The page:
The U.S. Department of Energy recently announced that its $61 million grants are going toward 10 smart buildings across the country as part of a pilot program to cut energy use and increase energy efficiency during peak times of day.
Over 7,000 workplaces, homes and other buildings will be converted into grid-interactive efficient buildings (GEBs) with smart sensors and controls that connect and communicate with an electrical grid. These developments are part of the Connected Communities program the DOE announced on October 13.
The initiative aims to reduce the building sector’s carbon emissions. It ties into the government’s goal of having a zero-carbon economy by 2050. This is one of its key steps.
Roughly $6.65 million of that DOE grant is being awarded to Edo, an energy startup that specializes in helping get buildings onto the energy-saving grid. In a reluctant, sometimes old fashioned (sometimes even retrograde) brick and mortar world, it’s an incredible feat in the making. This particular project will be implemented in the South Landing development and Spokane EcoDistrict in Spokane, WA with zero-carbon and zero-energy building operations.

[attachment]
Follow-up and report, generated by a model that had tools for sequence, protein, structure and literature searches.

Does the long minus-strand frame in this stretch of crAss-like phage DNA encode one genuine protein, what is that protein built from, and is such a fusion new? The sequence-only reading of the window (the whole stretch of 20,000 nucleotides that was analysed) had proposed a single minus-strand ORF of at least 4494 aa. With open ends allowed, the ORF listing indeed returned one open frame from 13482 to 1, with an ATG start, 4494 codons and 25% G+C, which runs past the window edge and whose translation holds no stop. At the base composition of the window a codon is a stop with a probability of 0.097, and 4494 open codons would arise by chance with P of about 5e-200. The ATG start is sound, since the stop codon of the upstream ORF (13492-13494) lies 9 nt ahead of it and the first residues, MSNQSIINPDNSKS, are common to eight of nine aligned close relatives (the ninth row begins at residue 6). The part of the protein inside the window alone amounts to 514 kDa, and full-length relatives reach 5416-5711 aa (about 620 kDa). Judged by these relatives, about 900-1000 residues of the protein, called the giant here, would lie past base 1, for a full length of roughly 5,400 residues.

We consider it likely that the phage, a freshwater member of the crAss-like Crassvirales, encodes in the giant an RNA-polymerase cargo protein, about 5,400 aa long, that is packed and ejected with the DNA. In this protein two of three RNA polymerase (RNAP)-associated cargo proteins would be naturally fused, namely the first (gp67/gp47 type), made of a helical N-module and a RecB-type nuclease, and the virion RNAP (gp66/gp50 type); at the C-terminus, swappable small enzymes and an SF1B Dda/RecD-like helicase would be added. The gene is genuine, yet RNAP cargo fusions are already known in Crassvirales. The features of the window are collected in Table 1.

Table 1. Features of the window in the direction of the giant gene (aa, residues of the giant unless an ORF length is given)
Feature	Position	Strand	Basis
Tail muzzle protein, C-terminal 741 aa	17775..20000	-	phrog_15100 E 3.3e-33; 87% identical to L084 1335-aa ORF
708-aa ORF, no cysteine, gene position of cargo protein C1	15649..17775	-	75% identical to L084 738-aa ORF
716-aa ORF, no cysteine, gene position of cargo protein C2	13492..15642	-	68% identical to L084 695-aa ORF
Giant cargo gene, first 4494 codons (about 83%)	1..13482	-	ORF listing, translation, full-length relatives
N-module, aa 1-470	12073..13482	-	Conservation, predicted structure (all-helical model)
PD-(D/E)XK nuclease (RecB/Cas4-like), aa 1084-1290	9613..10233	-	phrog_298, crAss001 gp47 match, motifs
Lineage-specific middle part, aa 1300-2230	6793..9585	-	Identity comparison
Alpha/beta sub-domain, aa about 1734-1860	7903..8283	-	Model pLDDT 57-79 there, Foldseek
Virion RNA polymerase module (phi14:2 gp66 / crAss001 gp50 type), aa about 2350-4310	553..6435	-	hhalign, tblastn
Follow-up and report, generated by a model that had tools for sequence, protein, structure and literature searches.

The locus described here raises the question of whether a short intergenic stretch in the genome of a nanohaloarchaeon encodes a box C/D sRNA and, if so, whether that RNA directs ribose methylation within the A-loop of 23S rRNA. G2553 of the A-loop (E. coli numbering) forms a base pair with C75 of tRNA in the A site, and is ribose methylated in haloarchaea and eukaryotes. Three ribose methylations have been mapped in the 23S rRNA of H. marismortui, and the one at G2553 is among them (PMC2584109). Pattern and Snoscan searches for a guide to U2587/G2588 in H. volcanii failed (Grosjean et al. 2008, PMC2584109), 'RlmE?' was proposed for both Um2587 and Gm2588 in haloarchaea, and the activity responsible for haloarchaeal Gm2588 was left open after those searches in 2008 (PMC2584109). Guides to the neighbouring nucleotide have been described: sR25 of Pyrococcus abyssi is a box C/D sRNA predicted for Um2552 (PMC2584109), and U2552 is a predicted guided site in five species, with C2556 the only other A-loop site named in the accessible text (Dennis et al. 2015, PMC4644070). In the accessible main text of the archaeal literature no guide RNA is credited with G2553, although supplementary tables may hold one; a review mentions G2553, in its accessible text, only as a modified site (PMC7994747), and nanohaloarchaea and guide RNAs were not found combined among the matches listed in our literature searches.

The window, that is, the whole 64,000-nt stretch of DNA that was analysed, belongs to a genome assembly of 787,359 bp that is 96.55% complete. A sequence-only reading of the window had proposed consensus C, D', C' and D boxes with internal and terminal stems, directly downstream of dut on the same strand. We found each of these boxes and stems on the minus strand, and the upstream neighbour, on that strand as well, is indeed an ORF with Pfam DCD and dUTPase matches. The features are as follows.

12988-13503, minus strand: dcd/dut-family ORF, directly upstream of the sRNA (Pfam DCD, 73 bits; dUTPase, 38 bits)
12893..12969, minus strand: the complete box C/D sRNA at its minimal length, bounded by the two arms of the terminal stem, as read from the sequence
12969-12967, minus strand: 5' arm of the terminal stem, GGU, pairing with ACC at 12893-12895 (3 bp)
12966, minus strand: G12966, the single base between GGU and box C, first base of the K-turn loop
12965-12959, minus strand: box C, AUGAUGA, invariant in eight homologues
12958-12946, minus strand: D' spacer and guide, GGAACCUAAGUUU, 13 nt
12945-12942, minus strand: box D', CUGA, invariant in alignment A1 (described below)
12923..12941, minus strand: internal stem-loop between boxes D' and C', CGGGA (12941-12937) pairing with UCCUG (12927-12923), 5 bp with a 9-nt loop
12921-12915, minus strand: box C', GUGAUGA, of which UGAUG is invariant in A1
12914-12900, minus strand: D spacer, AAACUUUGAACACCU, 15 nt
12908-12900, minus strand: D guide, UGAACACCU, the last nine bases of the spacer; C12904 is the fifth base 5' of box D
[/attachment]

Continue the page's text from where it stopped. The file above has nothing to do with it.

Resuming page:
In addition to the $6.65 million DOE grant, Avista and the other project partners will invest another $4.9 million in matching funds, for a total project cost of $11.55 million.
“It’s to balance the needs of the building, its occupants and serving the grid,” said Hendrik Van Hemert, Managing Director of Edo. “It’s about resilience and reliability. We’re trying to show to the world eventually how to develop buildings that are net zero energy, zero carbon.”
In the greater picture, this is part of the International Energy Agency’s goal of building a global energy sector and getting the world down to zero-carbon emissions by 2050. It’s an ambitious energy roadmap.
In a statement, IEA Executive Director Fatih Birol called it a “pathway to a brighter future” with “a historic surge in clean energy investment that creates millions of new jobs and lifts global economic growth.”